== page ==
In FIG. 6 there is a simplified schematic representation of a practical apparatus for the practice of the present invention generally designated by the reference numeral 40. The apparatus 40 comprises a frame 41. The frame 41 has a first or inlet end member 42 and a second or discharge end member 43. The end members 41 and 42 are affixed to each other by a longitudinal frame member 44. A bearing 45 slidably engages the longitudinal frame member 44. A mounting bracket 46 is rigidly affixed to the bearing 45. The first end member 42 has rotatably affixed thereto a hollow cam member 46 of the general configuration cam member 26 of FIG. 4. The cam member 46 is rotated by a rotating means (not shown). Within the frame 41 are disposed die plates 48, 49, 50 and 51. The die plates 48 through 51 are arranged in a manner generally as the die plates of FIGS. 1 through 4 and have successively smaller openings as they become more remote from the first end 42. A second set of die plates 48a, 49a, 50a and 51a are disposed adjacent the discharge end 43 and the openings in the die plates 48a through 51a are smaller than the openings in the die plates 48 through 51 and decrease in diameter toward the discharge end 43 of the frame 41. The openings of the die plates 48 through 51 and 48a through 51a are generally coaxially arranged. Three die plate actuating rods 48' engage die plates 48 and 48a by means of notches formed in both the die plates and the actuating rods. Each of the actuating rods has disposed thereon a cam follower 48" which engages an outwardly disposed generally annular camming groove 53 formed in the outer surface of the cam 46. Similarly actuating rods 49', 50' and 51' support the die plates 49 through 51 and 49a through 51a. The die plates as shown in FIG. 7 have a generally triangular configuration wherein the die plates are supported by the actuating rods.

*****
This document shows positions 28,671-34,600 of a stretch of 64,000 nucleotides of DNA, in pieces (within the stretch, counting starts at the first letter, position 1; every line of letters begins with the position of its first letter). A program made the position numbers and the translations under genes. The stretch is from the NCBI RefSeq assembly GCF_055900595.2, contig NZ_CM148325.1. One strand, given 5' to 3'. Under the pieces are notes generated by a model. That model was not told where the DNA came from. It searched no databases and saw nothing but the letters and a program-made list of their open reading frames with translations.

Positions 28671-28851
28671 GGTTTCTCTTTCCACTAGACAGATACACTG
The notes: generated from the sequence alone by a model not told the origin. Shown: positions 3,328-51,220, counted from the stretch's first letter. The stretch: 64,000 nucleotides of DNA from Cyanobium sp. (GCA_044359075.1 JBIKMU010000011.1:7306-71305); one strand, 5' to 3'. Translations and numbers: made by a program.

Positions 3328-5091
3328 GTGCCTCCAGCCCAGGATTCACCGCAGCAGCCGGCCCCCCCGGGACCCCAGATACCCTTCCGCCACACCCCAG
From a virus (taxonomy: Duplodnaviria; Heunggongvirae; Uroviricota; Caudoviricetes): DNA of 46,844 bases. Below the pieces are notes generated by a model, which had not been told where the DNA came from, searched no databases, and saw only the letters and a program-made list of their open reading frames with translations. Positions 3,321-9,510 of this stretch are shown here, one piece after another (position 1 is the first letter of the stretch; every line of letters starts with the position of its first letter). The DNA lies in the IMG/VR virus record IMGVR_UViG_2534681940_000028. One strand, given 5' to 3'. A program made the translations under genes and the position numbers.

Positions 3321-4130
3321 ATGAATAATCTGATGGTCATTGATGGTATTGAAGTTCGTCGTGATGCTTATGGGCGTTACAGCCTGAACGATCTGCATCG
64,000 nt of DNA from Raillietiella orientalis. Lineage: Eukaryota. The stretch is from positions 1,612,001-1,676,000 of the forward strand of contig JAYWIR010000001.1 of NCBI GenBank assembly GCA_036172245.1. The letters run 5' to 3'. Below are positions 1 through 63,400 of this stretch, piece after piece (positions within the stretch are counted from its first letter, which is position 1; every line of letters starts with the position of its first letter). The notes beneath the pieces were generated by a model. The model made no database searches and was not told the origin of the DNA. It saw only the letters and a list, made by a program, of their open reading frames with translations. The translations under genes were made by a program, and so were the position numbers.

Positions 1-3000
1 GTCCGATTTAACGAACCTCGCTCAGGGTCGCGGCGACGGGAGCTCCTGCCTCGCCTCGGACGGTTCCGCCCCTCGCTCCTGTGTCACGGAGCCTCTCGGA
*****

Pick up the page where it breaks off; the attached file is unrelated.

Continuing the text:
In FIG. 8 there is schematically depicted the configuration of the groove 53 of the cam 46. The groove 53 is a three cycle groove, that is, three cycles per 360° rotation of the cam and of such configuration that the actuating rods 48' through 51' are moved slowly away from the frame member 42 and subsequently rapidly returned toward the frame member 42, thus, as illustrated in FIGS. 6 and 7, three of the die plates remain fixed relative to one another while the fourth plate moves.
Apparatus generally as shown in FIGS. 6-8 but having ten plates per die plate group and three die plate groups provides a convenient means of reducing the diameter of deformable plastic tubes without causing increase in length.